Medium toned purple pink that shifts to orange pink droplet of color.#255

A red pink that shifts,purple to orange overtone, droplet of color.  #255 This standard round brilliant has a color that is a shifter, but its center is a red/pink. It appears to be eye clean and with fine crystal. Its medium tone level makes a flashy gem. It weighs 1.68 carats.

Don’t pigeonhole me cried the purple pink to orange pink with a desire to be a red droplet of color.  The effort to attain individual attention and independence continues in the ranks of the orange red tribe.  They have become more subtle and devious while undermining the credibility of the one that names the gemstones.  I use to get help from my younger daughter when it came to really red gems and yellow gems.  My hopes have been dashes more than once, by no daddy that isn’t red or without green.  Now I face a stone alone with my conscience so I will describe what I see rather than pigeonhole this one.

At first glance I see a bright medium toned reddish round.  It is flashy and I check it for visible inclusion, which she doesn’t have.   Her crystal qualities are fine and now the color.  I have the yellowish light on, but day is breaking so lighting is a mixed bag.  She looks like an orange pink verging on red under the yellowish light.  I then check the back of the box and I see purple red and color changer crossed out.  This leads to some consternation, but I get up and away from the yellowish light and the stone darkens, but still stays dominated by orange in the pink.  Still it is getting close to a red which is always appreciated.  Now I know that this stone can have its pink/red dominated by purple, but not today.  So there you have my definitive appraisal of a gemstone that wants to be an individual, not just a notch on the score card of some cataloger.  The key concept here is dynamic color and some tourmaline are excellent  at it.  It weighs 1.68 carats and the droplets of color have no ambiguities about its place with them.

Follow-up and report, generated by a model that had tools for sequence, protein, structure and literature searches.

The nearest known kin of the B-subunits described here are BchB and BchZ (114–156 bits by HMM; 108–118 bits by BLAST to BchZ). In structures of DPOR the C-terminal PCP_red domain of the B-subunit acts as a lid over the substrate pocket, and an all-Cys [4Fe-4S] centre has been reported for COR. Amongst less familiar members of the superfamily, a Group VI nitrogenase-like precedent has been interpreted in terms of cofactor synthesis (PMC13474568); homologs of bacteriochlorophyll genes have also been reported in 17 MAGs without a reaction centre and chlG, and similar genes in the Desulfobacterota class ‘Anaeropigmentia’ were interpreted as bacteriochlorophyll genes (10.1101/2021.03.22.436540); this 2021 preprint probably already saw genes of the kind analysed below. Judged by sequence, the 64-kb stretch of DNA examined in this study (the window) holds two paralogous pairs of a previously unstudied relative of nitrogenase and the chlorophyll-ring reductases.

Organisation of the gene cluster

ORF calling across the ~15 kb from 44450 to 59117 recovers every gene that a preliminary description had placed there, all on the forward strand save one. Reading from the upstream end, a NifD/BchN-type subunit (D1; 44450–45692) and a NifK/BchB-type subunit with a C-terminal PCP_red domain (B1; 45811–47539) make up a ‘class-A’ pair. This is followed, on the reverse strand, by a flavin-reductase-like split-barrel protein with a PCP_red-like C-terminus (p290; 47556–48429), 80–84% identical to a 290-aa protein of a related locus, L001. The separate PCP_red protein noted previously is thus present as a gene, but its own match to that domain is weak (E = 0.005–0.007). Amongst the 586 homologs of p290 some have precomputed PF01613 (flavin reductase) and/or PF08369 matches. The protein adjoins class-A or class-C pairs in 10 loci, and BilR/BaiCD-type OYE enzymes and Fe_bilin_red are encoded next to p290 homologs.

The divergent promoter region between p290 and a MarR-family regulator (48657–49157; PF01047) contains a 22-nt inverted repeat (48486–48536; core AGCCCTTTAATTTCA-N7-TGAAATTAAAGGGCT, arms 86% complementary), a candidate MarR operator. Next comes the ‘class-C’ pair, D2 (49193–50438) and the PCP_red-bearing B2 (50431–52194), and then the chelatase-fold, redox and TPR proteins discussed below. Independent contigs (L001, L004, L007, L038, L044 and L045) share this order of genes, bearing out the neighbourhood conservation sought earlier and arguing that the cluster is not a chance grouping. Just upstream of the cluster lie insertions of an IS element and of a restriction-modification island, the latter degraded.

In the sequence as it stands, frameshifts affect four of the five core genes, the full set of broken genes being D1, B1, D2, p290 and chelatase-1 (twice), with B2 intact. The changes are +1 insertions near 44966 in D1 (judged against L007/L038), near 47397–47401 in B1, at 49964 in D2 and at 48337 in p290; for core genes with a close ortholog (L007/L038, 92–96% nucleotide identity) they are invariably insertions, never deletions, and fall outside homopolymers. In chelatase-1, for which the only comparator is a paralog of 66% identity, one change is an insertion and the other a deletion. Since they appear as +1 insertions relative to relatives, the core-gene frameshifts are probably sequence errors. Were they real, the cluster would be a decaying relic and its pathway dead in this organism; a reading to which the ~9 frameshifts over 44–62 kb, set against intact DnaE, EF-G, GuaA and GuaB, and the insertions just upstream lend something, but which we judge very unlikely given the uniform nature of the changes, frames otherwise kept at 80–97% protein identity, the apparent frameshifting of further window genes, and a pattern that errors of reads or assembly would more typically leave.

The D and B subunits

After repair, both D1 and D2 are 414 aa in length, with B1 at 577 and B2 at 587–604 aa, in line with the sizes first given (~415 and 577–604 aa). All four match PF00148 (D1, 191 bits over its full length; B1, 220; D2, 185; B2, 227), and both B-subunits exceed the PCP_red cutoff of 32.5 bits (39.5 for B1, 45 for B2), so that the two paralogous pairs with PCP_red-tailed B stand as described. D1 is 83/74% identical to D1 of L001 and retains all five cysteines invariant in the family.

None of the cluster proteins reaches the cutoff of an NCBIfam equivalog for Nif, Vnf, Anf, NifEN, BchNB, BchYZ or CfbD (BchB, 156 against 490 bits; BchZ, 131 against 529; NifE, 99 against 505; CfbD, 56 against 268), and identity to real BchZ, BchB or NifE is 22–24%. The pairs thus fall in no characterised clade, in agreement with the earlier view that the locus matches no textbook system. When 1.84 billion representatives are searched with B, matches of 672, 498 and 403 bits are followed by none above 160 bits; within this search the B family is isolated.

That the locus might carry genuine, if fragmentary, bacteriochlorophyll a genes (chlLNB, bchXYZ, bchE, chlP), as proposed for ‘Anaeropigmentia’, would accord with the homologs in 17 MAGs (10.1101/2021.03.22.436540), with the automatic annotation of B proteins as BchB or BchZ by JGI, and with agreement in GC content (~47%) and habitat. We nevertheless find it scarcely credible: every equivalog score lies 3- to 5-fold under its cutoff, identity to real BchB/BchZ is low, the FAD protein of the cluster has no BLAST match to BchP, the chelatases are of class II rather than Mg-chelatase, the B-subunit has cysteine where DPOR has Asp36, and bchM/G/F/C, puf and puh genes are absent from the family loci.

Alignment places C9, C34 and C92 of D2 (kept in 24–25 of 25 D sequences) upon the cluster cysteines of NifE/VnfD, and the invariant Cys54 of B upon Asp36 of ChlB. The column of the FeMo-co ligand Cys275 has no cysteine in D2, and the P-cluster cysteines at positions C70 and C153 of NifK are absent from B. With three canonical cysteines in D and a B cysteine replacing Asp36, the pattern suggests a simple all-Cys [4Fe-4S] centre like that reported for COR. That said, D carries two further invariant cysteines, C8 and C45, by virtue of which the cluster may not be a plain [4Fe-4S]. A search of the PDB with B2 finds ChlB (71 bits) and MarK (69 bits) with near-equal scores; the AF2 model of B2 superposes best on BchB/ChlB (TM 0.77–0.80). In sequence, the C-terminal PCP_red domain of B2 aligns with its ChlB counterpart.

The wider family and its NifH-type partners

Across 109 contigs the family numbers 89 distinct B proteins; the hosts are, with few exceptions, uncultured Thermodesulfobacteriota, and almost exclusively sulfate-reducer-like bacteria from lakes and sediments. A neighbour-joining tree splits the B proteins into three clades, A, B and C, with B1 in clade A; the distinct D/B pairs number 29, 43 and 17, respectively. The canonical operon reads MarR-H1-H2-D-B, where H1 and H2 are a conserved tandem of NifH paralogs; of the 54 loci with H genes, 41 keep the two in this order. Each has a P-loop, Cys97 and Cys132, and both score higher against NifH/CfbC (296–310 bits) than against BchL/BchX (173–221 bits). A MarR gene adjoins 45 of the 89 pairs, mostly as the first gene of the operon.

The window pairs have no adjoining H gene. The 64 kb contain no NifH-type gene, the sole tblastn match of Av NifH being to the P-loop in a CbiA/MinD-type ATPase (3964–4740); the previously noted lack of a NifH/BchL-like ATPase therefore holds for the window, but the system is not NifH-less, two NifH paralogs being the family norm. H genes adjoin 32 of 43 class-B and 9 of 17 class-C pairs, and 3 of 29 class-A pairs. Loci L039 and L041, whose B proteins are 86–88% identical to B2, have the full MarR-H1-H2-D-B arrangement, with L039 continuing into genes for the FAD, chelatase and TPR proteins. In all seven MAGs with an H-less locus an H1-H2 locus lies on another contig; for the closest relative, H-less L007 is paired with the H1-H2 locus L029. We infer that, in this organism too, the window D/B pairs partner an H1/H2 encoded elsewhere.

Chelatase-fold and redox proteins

About Bruce Fry

I was born in Summit, NJ in 1947 and graduated from Summit High School in 1966. I graduated from the Colorado School of Mines in 1970 and after spending another year in graduate school, I left to see the world of Brazil. After spending some more time discovering myself, I ended up working for the Commonwealth of Pennsylvania for 32 years as an Air Quality Engineer in the Department of Environmental Protection. I retired in 2007 and took up faceting gemstones again after a long hiatus that reached back to my twenties. I had started cutting cabochons when I was 13 and bought my first faceting machine when I was 15, but ran out of money and time until I retired. My great love in gemology is tourmaline and the collection presented here represents my effort to get as much beauty and variety in the colors of tourmaline as I can. I was particularly lucky in being able to get unheated cuprian tourmaline before copper was discovered in gem grade tourmaline from Mozambique.
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